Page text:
The real test of character occurs when the unexpected happens — when things don’t go according to plan.
This holds true both for individuals as well as for organizations.
As the behavioral economist Tim Harford has explained, the pianist Keith Jarrett gave one of his best performances on a piano with several broken keys. And London commuters found more optimal routes to their offices a few years ago during a tube (subway) strike.
It turns out that difficult, unexpected situations can actually show us ways to innovate and improve. There are a couple of factors that lead to this kind of success: urgent circumstances and the character not to give up, as well as the creative spark to find ways to improve.
Similarly, banks need to make sure that their employees are able to handle situations when they go wrong — when a system fails to meet expectations, or an acquisition does not yield the expected value.
We have recently passed the 10-year milestone since the 2008 financial crisis. As someone who was at Bear Stearns at that time, I can testify to the fact that I, along with my colleagues, were like deer caught in the headlights. People tried to do something, if only to demonstrate that activities were underway to address the issues, but often it was like the flailing of so many drowning men.
When one reviews the actions of banks, the government and chief regulators at the time of the crisis, it was clear that they did not have a plan and had to improvise. How did they do?
Those individuals who did rise to the occasion had very specific characteristics. First, they had very good and detailed knowledge of the business they were in — for example, risk managers with very long experience in the types of credit-based securities that were going into default. Second, those who succeeded had excellent communication skills, and they were able to convey to senior leadership what was really going on in language that could be easily understood. Third, they were brave, unafraid to speak up and let people how bad a situation had become. It seemed to me that in a short space of time, employees who met these criteria were quickly able to take up leadership positions far beyond their nominal rank.
Yet the ability to work through an unplanned situation is one thing at the individual level — it is very different when you’re talking about organizations. The financial crisis demanded a response from the U.S. government and the Federal Reserve as well as financial institutions themselves. The country had not seen turmoil on this scale since the Great Depression, and there was no playbook for the government to pick up. Nevertheless, government officials developed a number of creative solutions that helped stem the downward spiral of the markets at the height of the crisis. The Troubled Asset Relief Program, for example, allowed the Treasury to purchase illiquid, difficult-to-value assets from banks and other financial institutions in ways that it would not otherwise have been able to do.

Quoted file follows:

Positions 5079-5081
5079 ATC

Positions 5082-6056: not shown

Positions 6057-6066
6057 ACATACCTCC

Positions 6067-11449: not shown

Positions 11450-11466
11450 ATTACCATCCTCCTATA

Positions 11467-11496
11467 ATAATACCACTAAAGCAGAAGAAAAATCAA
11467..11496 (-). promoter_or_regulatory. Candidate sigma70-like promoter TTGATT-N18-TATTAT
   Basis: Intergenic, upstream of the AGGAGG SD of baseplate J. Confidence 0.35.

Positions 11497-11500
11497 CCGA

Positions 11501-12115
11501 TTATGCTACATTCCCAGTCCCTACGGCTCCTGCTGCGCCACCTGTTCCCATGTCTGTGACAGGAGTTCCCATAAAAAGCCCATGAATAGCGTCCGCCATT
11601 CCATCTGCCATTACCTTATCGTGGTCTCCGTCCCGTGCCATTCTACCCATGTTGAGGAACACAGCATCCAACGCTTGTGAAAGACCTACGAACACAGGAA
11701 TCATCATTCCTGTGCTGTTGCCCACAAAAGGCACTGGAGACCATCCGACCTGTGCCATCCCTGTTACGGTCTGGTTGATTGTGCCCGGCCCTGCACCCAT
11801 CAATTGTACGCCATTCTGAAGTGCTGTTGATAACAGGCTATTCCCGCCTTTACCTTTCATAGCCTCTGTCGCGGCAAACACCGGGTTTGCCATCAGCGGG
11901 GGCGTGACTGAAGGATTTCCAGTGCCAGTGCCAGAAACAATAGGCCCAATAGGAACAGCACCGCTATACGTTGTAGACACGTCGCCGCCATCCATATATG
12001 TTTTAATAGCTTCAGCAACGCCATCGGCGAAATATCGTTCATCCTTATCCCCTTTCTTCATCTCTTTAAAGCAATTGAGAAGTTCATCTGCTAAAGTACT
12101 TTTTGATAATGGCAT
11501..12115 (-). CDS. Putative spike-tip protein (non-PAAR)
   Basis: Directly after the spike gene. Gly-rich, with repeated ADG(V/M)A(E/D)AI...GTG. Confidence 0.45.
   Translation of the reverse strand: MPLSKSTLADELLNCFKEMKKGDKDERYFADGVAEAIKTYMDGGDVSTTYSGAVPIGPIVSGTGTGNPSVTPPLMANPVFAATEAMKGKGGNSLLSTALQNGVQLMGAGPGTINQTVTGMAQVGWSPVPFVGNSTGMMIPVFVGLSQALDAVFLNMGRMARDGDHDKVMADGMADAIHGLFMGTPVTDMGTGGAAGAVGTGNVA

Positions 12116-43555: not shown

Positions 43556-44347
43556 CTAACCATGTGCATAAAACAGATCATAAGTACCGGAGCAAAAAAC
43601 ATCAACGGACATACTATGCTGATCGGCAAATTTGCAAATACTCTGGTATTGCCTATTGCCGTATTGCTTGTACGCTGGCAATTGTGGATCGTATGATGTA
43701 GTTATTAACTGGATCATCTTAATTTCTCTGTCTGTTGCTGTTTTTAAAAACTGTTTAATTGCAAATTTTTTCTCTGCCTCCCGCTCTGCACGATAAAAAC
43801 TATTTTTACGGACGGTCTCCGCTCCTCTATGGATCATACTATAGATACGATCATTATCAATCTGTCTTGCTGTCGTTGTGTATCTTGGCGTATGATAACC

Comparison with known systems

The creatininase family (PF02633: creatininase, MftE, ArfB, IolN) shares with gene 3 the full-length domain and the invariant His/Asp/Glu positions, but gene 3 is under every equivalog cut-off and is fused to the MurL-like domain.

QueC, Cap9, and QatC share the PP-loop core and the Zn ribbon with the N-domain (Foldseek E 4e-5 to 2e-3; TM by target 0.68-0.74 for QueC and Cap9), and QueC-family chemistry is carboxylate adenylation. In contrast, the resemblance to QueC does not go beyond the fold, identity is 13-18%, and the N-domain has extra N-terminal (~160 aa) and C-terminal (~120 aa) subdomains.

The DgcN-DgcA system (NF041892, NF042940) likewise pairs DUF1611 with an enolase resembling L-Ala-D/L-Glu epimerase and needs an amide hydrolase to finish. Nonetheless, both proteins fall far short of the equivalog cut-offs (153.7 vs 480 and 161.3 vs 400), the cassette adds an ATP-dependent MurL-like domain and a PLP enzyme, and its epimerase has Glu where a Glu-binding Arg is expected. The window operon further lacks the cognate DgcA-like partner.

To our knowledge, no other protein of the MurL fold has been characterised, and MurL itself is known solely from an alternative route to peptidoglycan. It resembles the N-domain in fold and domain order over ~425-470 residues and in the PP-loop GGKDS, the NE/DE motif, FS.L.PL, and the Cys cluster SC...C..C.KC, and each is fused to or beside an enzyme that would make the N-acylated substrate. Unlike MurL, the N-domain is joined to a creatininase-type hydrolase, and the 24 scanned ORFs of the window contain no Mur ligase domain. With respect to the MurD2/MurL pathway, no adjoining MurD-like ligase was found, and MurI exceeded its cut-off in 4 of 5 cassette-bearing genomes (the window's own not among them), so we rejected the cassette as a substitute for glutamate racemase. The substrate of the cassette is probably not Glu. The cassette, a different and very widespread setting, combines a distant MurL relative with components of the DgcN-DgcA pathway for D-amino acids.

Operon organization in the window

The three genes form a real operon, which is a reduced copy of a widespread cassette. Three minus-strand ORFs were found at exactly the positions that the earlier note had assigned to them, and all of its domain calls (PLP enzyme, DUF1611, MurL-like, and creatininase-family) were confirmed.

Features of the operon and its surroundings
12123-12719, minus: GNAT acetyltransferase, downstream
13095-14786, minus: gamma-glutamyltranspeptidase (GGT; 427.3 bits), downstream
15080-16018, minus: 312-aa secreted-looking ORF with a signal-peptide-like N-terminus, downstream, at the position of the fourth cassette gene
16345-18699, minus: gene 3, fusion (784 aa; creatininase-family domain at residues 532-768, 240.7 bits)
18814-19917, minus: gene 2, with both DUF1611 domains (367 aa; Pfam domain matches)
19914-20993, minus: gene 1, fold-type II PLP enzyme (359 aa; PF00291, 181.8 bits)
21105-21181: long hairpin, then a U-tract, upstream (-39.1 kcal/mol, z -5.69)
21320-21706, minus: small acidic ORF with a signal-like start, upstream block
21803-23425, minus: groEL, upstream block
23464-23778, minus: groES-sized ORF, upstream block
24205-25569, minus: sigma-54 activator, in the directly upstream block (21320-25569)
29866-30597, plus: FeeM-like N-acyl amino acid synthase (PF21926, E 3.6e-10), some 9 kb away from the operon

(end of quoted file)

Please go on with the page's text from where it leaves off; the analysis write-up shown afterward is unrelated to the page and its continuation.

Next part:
Another of these improvised solutions was the acquisition of Bear Stearns by JPMorgan Chase in March 2008. This was, of course, not the first time that JPMorgan had been involved in a merger or acquisition — but clearly this was a very different situation. It was a shotgun marriage forced upon the bank by tumultuous market events with very little time to plan out the transaction. Despite this, and the extraordinary circumstances prevailing at the time, JPMorgan’s team was able to quickly work through the issues at hand to deal with the situation relatively successfully — even if the long-term results of the merger have been more mixed. That says a lot about the company’s culture and its ability successfully navigate the unexpected.
Brian Eno, the music producer, believes that the way to get creative people to produce their best work in the studio is to create the conditions of an accident. Accidents can be terrible, but the conditions of the accident and the exigencies of the situation lead to a sense of focus, a hypersensitivity to the moment, that can bring out the best in a person.
Banks can excel by simulating such an accident to create the necessary conditions for employees and teams to practice their reactions to a real disaster. The problem with having to think through everything as an event unfolds is that mistakes can be made. Tackling a possible problem ahead of time provides a chance to practice a so-called pre-mortem — as the neuroscientist David Levitin calls it — or thinking through an event before it takes place.
Yet just as important as a plan to deal with future disasters is a culture that can roll with the punches, manage unexpected failures and innovate through them. The more banks can do that, the better prepared they will be for whatever the next crisis brings.